Upon entering Richard T. Walker's exhibition "the predicament of always (as we are)" at ASU Art Museum, the viewer is immersed in sound. Sound sculptures utilizing neon, keyboards, guitars, and rocks surround the space, and a two-channel video, from which the exhibition gets its name, is projected on the back wall. The artist, wearing a red t-shirt and dark jeans, is sitting in the White Sands National Monument in solitude, his back to us as he contemplates the scene and records himself talking on a cassette tape.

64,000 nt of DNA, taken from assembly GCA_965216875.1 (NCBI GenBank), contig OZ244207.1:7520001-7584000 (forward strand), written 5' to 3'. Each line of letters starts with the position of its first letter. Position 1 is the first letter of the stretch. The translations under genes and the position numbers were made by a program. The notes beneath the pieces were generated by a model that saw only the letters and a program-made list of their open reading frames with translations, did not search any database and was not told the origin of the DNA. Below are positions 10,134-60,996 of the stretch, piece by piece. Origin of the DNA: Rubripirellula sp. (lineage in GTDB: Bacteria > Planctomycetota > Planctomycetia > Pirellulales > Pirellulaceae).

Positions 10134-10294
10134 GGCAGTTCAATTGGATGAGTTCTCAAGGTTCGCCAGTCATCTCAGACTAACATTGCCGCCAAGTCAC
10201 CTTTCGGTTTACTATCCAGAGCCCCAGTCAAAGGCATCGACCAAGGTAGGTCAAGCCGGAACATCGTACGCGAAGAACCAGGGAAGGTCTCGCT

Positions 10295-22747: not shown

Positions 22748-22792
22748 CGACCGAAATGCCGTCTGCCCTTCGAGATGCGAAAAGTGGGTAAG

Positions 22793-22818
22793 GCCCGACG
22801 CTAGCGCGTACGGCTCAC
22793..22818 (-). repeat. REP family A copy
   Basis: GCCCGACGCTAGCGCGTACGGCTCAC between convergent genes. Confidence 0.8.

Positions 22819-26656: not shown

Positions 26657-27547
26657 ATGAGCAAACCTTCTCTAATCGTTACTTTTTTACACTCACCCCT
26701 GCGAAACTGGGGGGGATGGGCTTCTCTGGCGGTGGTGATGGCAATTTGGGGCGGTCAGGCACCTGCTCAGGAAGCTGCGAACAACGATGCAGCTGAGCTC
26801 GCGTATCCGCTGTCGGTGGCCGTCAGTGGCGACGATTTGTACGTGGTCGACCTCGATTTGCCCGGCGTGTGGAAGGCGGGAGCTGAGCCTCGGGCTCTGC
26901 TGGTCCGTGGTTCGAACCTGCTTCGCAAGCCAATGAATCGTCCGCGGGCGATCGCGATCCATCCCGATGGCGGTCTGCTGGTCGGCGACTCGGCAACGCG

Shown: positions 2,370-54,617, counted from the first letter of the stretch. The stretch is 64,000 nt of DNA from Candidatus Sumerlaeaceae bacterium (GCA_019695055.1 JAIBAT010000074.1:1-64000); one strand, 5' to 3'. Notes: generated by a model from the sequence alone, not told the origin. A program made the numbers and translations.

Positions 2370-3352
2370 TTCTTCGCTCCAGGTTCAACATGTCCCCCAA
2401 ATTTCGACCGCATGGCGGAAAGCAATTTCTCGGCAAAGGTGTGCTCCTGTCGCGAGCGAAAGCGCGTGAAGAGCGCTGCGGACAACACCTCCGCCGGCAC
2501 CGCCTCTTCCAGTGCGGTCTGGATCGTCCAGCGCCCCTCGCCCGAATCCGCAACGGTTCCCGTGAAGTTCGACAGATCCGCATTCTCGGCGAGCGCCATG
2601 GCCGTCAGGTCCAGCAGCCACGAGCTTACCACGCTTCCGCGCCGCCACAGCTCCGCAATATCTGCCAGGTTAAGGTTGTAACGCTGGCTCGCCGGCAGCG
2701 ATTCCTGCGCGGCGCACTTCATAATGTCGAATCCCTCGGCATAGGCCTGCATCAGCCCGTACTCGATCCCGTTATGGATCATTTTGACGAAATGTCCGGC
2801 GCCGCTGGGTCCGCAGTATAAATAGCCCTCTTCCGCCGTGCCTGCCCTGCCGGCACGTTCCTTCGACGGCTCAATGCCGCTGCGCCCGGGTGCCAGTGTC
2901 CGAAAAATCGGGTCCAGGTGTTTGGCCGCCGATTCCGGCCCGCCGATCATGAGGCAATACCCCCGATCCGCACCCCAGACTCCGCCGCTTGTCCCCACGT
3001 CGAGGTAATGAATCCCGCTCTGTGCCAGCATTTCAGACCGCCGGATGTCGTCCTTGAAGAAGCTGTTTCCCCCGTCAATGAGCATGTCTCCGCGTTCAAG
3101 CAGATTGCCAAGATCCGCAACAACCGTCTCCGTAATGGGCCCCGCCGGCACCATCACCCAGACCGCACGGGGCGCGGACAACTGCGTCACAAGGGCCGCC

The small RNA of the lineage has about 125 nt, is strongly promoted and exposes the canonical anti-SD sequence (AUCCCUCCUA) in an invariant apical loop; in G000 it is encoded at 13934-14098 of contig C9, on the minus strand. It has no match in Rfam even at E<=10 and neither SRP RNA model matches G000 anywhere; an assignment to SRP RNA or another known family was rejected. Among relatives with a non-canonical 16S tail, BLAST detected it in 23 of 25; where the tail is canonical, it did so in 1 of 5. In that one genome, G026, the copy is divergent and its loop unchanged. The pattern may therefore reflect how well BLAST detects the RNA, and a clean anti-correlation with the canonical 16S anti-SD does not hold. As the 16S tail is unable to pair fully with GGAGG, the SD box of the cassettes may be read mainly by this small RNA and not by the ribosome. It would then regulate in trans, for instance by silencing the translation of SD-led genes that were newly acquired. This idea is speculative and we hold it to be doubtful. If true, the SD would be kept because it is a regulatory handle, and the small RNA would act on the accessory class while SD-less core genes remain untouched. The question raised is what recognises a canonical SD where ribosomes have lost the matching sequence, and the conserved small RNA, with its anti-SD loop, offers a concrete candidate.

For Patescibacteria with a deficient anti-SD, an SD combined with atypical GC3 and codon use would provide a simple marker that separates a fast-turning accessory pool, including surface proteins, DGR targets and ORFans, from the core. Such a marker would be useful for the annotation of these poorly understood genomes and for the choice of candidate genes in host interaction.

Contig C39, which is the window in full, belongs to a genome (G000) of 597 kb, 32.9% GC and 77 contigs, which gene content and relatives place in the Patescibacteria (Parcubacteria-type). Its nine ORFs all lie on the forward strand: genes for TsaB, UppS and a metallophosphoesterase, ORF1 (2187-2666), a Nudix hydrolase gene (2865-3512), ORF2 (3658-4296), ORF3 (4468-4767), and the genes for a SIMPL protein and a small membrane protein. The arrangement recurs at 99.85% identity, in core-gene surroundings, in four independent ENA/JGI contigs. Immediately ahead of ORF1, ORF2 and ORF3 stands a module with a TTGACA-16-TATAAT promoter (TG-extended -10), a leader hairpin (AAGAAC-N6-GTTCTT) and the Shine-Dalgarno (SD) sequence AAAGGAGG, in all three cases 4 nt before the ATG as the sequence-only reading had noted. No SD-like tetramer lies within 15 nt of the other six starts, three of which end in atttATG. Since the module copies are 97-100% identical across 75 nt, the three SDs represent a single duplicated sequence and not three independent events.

At times, the recording is muffled by wind and it becomes obvious that Walker's speech is not rehearsed. What he's saying is honest, personal, and raw. It's almost as if this tape was meant to be sent to someone close to the artist. While he is recording his thoughts, it's hard to not become immersed in your own. The viewer begins to embody this everyman role and becomes a part of the landscape. Even though the artist is alone during his journey through the desert, it's as if we are a part of it, too.